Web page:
Also, as you’ll read in the Redrum Road analysis, there’s a moment in the film when Ullman is almost run down by a car called an Austin Maxi, which happens to be the same car that John Lennon crashed while the recording of Abbey Road was beginning, an event that almost killed him, Yoko Ono, and two of their children. In the novel, characters are constantly referring to the Torrance Volkswagen Beetle as “the bug”, which was and still is a nickname for Beetles. So I think Kubrick saw something suicidal or familicidal in this bug/bomb connection.

What’s more, there’s also a good deal of “alien” imagery in the novel, which I think Kubrick saw deriving from this wartime mentality of us vs. them. And what do you do when the invading force is your own family trying to stop you from writing your great masterpiece?

Also, I recently discovered that, according to the subtitles in certain versions of the home version, Jack is singing a song from the 1921 Al Jolson musical Bombo, which is likely a reference to the Spanish word for “drum” (bombo). The play is about Jolson playing a slave accompanying Christopher Columbus’ first voyage to find America, so there’s an imperialist if not specifically war-themed subtext at play there.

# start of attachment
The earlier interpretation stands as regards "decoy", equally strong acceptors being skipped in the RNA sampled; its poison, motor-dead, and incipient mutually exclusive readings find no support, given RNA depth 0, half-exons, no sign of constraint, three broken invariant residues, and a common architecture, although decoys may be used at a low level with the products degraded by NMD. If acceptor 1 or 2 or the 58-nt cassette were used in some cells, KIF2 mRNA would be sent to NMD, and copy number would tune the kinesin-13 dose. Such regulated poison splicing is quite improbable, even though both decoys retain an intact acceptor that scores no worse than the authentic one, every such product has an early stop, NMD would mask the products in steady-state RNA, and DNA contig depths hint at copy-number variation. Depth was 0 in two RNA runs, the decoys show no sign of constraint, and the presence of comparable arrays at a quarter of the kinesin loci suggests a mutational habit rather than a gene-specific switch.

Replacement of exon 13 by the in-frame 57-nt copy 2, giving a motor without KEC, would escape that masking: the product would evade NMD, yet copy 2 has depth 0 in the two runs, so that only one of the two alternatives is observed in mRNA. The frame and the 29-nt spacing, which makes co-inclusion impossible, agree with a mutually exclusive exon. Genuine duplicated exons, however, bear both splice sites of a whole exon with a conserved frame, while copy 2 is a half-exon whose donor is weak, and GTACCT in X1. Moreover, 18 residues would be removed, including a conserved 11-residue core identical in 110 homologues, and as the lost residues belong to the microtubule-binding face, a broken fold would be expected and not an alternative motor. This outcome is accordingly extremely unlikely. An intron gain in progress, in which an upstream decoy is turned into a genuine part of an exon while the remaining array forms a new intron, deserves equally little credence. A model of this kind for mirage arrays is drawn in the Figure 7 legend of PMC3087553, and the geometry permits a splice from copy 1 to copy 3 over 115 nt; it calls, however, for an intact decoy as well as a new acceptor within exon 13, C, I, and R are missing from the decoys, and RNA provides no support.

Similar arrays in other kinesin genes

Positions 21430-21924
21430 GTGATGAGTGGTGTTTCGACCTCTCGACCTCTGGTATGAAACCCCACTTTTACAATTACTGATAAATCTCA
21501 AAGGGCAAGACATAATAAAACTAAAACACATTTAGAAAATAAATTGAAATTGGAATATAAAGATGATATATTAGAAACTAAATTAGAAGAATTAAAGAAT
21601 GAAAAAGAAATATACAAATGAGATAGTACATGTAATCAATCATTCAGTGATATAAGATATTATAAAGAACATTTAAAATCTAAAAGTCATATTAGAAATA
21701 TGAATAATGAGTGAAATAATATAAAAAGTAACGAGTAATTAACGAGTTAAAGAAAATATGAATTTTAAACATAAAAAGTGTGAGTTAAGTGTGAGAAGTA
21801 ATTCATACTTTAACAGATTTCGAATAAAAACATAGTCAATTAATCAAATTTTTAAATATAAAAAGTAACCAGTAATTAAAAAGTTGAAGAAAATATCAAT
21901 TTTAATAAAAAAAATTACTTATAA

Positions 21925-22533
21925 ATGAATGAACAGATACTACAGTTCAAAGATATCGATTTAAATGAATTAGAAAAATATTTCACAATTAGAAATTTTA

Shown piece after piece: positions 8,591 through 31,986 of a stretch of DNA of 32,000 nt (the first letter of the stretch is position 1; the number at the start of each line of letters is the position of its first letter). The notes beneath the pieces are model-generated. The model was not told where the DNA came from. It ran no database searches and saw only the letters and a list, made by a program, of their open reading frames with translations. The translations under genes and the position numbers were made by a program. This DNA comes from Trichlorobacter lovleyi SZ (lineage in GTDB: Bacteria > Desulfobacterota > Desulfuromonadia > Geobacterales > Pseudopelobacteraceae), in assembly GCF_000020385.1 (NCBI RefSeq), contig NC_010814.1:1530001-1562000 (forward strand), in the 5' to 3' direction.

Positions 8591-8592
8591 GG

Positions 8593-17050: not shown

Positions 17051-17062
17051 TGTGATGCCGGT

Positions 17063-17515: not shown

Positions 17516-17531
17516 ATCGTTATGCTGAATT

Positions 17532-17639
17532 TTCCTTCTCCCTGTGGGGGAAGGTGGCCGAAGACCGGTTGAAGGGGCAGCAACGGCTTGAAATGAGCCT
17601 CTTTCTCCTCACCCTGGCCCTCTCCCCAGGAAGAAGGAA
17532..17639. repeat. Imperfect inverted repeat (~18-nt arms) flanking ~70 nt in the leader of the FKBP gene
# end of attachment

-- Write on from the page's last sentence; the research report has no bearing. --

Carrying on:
I’ve also wondered if this serves to draw our attention to the L. Frank Baum subtext.

Brands vs. Myths Vs. ICONS

It might be a small point, but there are almost sixty name brand items in the film, several of which seem to bear a symbolical connection to their adjoining moments. The easiest to talk about would be Tony the Tiger of Kellogg’s Frosted Flakes fame. Hallorann is connected to tigers, in several ways. Tony (the Tiger) appears in and outside the kitchen pantry, and in the mirrorform, these moments draw this link between Hallorann’s tiger connection, and the fact that Tony the Tiger shares a name with Danny’s twin self.

So, since there’s already a mythological tinge to the whole Tony (of Danny fame) business, it occurs to me that Kubrick (and perhaps King as well) saw something mythological in the way Westerners were creating these symbols and mascots to represent their business interests (not that Easterners don’t do it too).

It’s also worth remembering that heavy usage of real-life brands in fiction to establish a sense of everyday reality is called the Fleming Effect, after Ian Fleming, creator of James Bond. And there’s numerous subtextual references to Bond throughout The Shining.

Quentin Tarantino, btw, is not the only storyteller to use fictional brands in his work, but he might be the only one who consistently uses these made-up companies (Red Apple Cigarettes, Acuña Boys, Big Kahuna Burger) in ways that most often have nothing (other than symbolism) to do with the plot.